“There is another way,” offered Hawk.

       The First Elder rubbed his forehead in exasperation. “Please, Mr. Hawk, unless you have

a herd of cattle hidden somewhere, I’m afraid there’s nothing you can do for us!”

       “I don’t have a herd of cattle, but I have something just as useful.”
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        “And that is?”

        “The ability to supply meat. I’m a hunter.”

        Efren Miller’s face turned ashen.

        “Sir,” he hissed between clenched teeth. “I agreed to ask you here out of deference for

my fellow elders. We had hoped you could provide some answers. Beyond that, you have no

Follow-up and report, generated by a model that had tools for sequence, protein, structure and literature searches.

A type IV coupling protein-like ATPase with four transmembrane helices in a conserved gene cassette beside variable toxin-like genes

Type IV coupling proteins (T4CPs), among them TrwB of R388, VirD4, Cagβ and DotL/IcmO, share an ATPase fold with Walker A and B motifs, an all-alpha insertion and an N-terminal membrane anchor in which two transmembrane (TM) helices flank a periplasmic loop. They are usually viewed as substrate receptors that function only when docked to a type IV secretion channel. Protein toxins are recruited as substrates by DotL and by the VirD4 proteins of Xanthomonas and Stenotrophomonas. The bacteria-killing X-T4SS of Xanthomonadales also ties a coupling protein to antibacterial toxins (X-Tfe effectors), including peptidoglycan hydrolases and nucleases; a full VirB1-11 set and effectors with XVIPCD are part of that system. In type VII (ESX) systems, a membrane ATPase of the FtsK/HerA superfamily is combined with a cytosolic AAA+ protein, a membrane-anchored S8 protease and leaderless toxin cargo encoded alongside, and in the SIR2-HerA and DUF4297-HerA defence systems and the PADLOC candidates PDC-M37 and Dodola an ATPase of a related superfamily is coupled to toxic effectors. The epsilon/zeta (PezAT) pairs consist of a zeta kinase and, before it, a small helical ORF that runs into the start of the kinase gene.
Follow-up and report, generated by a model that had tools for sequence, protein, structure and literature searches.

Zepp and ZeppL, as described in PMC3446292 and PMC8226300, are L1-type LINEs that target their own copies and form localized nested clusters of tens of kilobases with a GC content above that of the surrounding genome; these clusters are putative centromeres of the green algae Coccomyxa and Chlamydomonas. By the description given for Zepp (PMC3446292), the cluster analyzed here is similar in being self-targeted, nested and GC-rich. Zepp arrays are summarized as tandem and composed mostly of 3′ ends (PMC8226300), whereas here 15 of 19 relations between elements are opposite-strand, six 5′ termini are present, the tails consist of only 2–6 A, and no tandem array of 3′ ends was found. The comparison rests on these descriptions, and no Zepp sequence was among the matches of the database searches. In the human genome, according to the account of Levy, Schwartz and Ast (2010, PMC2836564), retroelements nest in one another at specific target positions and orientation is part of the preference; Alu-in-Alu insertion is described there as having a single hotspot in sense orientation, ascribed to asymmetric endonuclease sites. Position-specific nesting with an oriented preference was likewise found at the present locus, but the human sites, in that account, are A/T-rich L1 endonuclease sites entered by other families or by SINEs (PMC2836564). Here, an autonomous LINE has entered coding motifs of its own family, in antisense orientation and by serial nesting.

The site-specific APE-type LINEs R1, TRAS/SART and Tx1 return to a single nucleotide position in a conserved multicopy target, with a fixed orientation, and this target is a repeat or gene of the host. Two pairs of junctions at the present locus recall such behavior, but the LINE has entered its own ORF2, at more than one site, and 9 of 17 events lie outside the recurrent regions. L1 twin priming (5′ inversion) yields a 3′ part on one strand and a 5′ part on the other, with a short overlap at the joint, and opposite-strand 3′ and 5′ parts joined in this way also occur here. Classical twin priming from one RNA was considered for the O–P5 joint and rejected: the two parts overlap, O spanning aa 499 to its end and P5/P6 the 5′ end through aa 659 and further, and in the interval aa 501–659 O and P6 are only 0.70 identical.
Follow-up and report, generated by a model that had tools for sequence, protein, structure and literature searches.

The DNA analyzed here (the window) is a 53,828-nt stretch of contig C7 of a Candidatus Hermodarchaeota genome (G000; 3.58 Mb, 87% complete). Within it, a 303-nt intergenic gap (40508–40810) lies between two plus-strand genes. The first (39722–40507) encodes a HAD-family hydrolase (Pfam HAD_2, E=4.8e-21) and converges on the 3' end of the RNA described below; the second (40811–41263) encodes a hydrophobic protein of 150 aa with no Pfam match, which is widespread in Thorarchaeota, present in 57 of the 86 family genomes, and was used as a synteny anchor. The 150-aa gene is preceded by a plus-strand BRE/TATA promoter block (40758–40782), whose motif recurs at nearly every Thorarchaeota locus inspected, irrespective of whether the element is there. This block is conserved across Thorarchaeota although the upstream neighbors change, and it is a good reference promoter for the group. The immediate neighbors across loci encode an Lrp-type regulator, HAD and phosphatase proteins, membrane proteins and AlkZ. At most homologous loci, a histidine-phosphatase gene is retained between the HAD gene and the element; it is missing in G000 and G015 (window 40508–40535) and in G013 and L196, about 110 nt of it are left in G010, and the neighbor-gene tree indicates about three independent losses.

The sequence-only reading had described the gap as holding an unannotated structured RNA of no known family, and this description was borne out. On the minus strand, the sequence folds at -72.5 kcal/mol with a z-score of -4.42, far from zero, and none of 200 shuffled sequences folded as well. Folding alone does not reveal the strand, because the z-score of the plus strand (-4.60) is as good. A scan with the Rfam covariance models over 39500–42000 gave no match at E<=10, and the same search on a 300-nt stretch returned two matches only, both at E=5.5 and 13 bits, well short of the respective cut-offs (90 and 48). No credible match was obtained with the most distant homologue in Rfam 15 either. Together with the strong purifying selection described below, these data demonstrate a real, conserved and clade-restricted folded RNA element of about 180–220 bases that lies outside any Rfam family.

standing here! Now, please leave!”

        Hawk nodded. The First Elder was right. He had no place in Sky Crossing, and he didn’t

want to have a place here. It was time to go. Back in camp he had meat to smoke, jerky to

make.

        “Please pardon the intrusion, then,” he said. “I hope you can solve your problem.” But I

don’t think you have a clue how to do that, he thought. He nodded toward Nona Carver and

Matilda Baker and left the meeting hall.

        Ignoring a small knot of curious onlookers, he untied his horses and was about to swing

up on the stallion. A small hand tugged at his arm.

        “Young man,” said Nona Carver, “my house is near the south end. Please join me for

tea. I think there are some berrycakes, too, if my grandchildren haven’t found them all.”

        Hawk patted the horse’s neck. “That’s the best invitation I’ve had in months,” he said to

the horse.